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I need some explanation about Shaded-Pole Motor.

In the book: "Electric Motors and Control Systems" by Frank D. Petruzella (published by McGraw-Hill), in Chapter 5, Part 4, on page 113 under "Shaded-Pole Motor" it is written that:

Unlike other types of single-phase motors, shaded-pole motors have only one main winding and no start winding or switch. As in other induction motors, the rotating part is a squirrel-cage rotor. Starting is by means of a design that uses a continuous copper loop around a small portion of each motor pole, as illustrated in Figure 5-51. Currents in this copper loop delay the phase of magnetic flux in that part of the pole enough to provide a rotating field. This rotating field effect produces a very low starting torque compared to other classes of single-phase motors. Although direction of rotation is not normally reversible, some shaded-pole motors are wound with two main windings that reverse the direction of the field. Slip in the shaded-pole motor is not a problem, as the current in the stator is not controlled by a countervoltage determined by rotor speed, as in other types of single-phase motors. Speed can therefore be controlled merely by varying voltage, or through a multitap winding.

But when looking on the motor I have, it seems that copper wire is circulating through whole main winding, instead of only part of it. So how is it that additional magnetic field can be generated, to turn the rotor into motion?

Shaded-Pole motor

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    \$\begingroup\$ I only see the copper wire and not the whole main winding. \$\endgroup\$ – Andy aka Mar 16 '20 at 9:14
  • \$\begingroup\$ I think you mean that "copper wire is looped around the small pole but also has parallel branches around the main core". \$\endgroup\$ – Transistor Mar 16 '20 at 9:28
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    \$\begingroup\$ You've posted a picture of the pole-shading turns. The explanation you've posted is correct. Currents in this copper loop delay the phase of magnetic flux in that part of the pole enough to provide a rotating field. I'm at a loss to get what you don't understand. The excitation generates current in the shading turns. The field from the shading turn current is in quadrature to the excitation. This effectively rotates the field in time from the middle of the pole to the shaded edge of the pole, producing a weak rotating field to pull the rotor round. \$\endgroup\$ – Neil_UK Mar 16 '20 at 9:29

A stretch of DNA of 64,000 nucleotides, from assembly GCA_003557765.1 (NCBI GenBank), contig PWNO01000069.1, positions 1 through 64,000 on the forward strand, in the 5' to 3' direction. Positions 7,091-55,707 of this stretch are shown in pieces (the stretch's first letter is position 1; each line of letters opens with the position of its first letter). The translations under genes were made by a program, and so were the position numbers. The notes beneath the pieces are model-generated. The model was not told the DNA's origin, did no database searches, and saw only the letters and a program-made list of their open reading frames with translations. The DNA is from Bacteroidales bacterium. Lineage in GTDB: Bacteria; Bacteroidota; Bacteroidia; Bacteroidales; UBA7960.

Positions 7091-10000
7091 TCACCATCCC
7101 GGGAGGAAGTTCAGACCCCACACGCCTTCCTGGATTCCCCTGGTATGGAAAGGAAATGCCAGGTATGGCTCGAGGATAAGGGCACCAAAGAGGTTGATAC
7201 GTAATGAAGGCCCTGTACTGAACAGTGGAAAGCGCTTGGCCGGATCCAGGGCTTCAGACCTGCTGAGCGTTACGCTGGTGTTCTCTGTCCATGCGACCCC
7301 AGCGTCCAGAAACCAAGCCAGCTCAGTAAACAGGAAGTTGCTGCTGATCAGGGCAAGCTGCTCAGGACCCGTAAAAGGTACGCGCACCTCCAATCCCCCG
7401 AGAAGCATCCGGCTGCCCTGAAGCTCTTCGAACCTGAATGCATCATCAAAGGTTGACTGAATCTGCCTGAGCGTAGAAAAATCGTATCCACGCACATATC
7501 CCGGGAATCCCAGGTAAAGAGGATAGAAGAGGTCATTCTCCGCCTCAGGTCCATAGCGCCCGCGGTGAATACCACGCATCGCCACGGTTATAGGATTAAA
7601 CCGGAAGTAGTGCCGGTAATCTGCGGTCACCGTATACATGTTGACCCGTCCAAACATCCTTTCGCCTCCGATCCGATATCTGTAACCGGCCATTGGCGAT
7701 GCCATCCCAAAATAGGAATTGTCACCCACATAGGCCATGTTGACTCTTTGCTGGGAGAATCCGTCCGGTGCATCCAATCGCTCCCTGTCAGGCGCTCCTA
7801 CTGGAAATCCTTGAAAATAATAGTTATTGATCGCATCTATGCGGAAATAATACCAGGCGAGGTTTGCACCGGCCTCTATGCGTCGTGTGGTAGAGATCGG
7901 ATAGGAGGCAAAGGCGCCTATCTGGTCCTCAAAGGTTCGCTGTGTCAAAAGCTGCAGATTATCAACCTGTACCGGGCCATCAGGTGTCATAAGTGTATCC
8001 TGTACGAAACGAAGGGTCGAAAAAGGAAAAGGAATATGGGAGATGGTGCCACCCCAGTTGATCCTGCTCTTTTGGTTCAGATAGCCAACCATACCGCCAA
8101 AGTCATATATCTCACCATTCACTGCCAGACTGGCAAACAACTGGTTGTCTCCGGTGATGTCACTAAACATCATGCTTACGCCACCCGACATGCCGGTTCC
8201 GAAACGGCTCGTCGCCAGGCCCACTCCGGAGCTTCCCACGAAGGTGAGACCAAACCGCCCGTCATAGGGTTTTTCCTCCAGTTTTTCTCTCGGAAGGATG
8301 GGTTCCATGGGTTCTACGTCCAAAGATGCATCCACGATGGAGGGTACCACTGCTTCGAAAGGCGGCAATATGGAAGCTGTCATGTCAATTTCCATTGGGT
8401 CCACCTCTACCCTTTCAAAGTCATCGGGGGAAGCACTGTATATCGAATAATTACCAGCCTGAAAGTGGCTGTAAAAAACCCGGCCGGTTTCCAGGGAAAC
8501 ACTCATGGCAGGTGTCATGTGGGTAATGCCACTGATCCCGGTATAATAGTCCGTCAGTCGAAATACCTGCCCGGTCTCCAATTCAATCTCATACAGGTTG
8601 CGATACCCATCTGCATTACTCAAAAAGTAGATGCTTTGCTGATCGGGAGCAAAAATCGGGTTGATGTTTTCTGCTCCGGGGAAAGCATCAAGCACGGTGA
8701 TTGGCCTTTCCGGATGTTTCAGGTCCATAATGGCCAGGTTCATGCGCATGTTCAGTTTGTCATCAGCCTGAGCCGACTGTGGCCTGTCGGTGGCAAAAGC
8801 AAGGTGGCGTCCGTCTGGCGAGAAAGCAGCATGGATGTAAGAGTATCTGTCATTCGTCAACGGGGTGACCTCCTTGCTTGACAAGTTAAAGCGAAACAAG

• \$\begingroup\$ It is circling the top part of the winding (in the picture) but not the bottom part. \$\endgroup\$ – user253751 Mar 16 '20 at 11:03
  • \$\begingroup\$ Could you indicate what part in your picture you're referring to as the "main winding"? \$\endgroup\$ – brhans Mar 16 '20 at 15:46
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I suspect that your confusion is because you may be more familiar with the construction of Figure 1.

enter image description here

Figure 1. A simple shaded pole motor. Note that this simplified diagram does not show the closed magnetic loop between the top and bottom of the poles (so it would be brutally inefficient as drawn). Source: Slideshare.

In the case of Figure 1 the unshaded coil will follow the magnetising current of the primary coil. The shaded poles will follow a little later with a resulting clockwise rotation.

enter image description here

Figure 2. A better diagram. Source: HPACmag.

The motor you have seems to have a core of the type shown in Figure 3.

enter image description here

Figure 3. A multi-pole shaded-pole motor core. Source: Made-in-China.

I couldn't find any authoritative information on this online but my guess is:

  1. The primary magnetic circuit is in area 1, as usual.
  2. This large shading ring shades about 1/4 of that half of the core. The flux in the green and blue areas will be delayed by the shading.
  3. The second shading ring further delays the flux in this area. The result is, I suspect, better starting torque as the rotating field carries on for longer than in Figure 2.
  4. The core is closed to avoid an assembly step but notice the pinch-off at this point and opposite. This is probably determined to be enough to provide mechanical strength without too much flux leakage.
  5. A straight section with a bobbin on it can easily be dropped into this portion.
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Your photo is only showing the core, not the "winding". The entire motor looks domething like this, the winding is the red part.

enter image description here

The copper rings shown in your photo are called "shading coils" and are the thing that makes the single phase power source appear to "rotate" so that the motor spins in the same direction every time you give it AC power. Otherwise without it, the motor rotation would either be random, or there would be no rotation at all, it would just shake back and forth as the AC goes from positive to negative over and over.

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